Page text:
By Dean L. Jones
Diabetes is a serious disease and is emerging as a standard cash flow for thousands of businesses. For example, there is a huge number of dialysis treatment centers that are unfortunately filled each day to capacity and they are literally less than four miles apart throughout most of the Los Angeles County. Television commercials routinely air describing how to obtain insulin monitoring apparatus. Newly developed oral medications are being approved that diabetes sufferers are prescribed by doctors including sulfonylureas, chlorpropamide (Diabinese), glipizide (Glucotrol, Glucotrol XL), glyburide (Micronase, DiaBeta, Glynase), and glimepiride (Amaryl), Repaglinide (Prandin) and nateglinide (Starlix), metformin (Glucophage), rosiglitazone (Avandia) and pioglitazone (Actos), acarbose (Precose) and meglitol (Glyset), sitagliptin (Januvia),…
Each of the aforementioned drugs work for a variety of symptoms from decreasing glucose production to increasing insulin sensitivity, and vice versa. Some actually slow the breakdown of carbohydrates (carbs). There are research clinics taking on patients as laboratory studies, recruiting men and women ages 18 and older who have been diagnosed with Type 2 diabetes to establish the effects of taking certain oral drugs.
Avoiding or reducing the amount of processed sugar is a huge step to help minimize contracting type 2 diabetes. Likewise, closely screening the intake from the ever-expanding fast food choices is a smart eating practice. Because our fast-food nation is leading consumers around by the nose like foodstuff addicts wanting to ingest advertised juicy sandwiches and/or the multitude of spicy chicken pleasures.
The glycemic index (GI) measures how quickly a carbohydrate-containing food is digested and converted into glucose into the body. The foods that rank under 55 on the GI are frequently referred to as slow carbs because they digest more slowly than unhealthy carbs. Common foods in this category are artichokes, asparagus, broccoli, cabbage, cauliflower, celery, eggplant, all types of greens, okra, peppers, squash and zucchini. Among the starchy slow digesting vegetables are peas, carrots, parsnips and yams. Fruits tend to be higher in natural sugars than vegetables and so they are digested and absorbed more quickly by the body, but still, a number of fruits are considered slow carbs, including apples, oranges, peaches, pears, plums, nectarines and grapefruit.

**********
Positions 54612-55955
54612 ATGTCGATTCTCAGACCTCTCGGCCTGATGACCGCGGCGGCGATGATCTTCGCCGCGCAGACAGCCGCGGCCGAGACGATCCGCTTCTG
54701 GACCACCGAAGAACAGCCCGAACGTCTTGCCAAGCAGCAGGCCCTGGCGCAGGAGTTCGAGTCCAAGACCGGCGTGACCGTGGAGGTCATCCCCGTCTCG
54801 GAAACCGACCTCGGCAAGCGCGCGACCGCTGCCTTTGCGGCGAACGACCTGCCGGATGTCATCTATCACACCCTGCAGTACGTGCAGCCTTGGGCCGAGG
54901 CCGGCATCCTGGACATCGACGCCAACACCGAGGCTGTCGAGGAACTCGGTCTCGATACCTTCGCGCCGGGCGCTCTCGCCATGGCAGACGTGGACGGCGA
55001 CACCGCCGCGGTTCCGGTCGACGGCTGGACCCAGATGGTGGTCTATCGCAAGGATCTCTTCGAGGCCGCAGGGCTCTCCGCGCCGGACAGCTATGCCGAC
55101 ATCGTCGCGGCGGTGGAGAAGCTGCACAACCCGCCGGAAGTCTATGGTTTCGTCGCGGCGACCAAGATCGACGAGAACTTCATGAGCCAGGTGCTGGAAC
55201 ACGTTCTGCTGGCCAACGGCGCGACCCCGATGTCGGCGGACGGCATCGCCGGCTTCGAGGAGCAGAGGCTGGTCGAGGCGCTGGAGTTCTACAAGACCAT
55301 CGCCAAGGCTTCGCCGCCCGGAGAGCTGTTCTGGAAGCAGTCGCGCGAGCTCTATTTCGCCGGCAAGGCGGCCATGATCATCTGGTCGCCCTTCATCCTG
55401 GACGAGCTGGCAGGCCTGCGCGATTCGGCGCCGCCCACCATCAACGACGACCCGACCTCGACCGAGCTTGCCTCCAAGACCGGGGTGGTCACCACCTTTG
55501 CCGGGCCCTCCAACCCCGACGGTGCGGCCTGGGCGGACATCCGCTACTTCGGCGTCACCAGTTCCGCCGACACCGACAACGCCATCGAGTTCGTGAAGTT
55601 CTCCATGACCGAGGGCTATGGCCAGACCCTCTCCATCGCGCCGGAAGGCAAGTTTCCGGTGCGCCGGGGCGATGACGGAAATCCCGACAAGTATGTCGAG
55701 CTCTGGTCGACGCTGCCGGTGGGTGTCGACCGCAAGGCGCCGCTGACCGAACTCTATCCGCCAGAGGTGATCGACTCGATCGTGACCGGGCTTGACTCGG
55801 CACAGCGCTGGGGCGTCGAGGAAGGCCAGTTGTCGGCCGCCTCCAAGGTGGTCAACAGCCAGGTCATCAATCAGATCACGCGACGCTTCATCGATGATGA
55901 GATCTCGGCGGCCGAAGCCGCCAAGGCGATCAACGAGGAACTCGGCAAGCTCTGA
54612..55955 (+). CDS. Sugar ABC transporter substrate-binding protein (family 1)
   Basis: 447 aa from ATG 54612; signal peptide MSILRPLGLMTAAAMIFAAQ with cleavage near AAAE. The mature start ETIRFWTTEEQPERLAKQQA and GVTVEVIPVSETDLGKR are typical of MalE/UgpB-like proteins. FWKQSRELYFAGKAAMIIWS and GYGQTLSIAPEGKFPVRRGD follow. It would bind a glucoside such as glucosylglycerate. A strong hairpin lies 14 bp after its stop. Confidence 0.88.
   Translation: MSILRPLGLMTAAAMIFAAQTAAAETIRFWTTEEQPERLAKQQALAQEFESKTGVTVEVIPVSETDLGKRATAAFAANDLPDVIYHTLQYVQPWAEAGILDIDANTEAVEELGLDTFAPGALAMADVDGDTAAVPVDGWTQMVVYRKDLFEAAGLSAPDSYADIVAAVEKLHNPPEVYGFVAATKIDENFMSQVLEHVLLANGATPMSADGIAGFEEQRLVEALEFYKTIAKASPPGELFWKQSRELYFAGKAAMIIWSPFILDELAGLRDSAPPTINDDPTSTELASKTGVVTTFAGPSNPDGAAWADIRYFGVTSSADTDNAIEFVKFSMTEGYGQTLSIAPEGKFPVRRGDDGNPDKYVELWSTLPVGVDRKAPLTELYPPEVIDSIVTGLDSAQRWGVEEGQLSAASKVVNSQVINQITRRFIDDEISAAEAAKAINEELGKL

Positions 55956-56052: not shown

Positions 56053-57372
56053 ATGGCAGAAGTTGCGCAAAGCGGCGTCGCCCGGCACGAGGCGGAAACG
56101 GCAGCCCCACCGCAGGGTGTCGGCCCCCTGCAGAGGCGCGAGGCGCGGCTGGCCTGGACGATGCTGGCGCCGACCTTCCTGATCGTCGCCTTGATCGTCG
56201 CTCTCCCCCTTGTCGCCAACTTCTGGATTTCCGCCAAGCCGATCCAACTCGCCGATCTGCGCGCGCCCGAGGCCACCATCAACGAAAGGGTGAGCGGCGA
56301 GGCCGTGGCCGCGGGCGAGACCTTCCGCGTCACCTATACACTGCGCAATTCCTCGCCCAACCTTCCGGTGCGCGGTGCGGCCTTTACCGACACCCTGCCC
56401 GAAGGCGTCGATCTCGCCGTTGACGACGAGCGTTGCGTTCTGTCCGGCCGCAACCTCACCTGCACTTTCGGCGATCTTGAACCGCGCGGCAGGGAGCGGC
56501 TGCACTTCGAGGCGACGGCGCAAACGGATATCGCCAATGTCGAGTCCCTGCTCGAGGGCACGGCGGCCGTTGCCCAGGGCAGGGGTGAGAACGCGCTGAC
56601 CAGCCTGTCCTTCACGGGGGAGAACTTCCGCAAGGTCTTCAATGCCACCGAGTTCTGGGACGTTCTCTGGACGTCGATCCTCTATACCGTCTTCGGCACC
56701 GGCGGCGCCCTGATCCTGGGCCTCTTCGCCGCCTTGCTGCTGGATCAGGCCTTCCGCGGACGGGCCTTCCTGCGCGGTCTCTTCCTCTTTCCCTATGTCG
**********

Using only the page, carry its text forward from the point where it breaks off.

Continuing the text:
My favorite slow carbs are beans and legumes that have a GI under 55. So anyone can take their pick of baked beans, black-eyed peas, black beans, chickpeas, kidney beans, navy beans, lentils, soybeans and even peanuts. The added advantage of these foods are that they are rich sources of plant protein. With their high fat, high protein and low carbohydrate content, nuts and seeds are slow to digest. Nuts and seeds like walnuts, almonds, pistachios, pine nuts, hazelnuts and cashews all rank under 25 on the GI, while sesame, amaranth, squash, sunflower and sprouted seeds are under 35. Peanut butter, unsweetened pastes and butters made from low-GI nuts are each slow-digesting carbs. Live SugarAlert!
Dean Jones is an Ethics Advocate, Southland Partnership Corporation (a public benefit organization), contributing his view on certain aspects of foodstuff.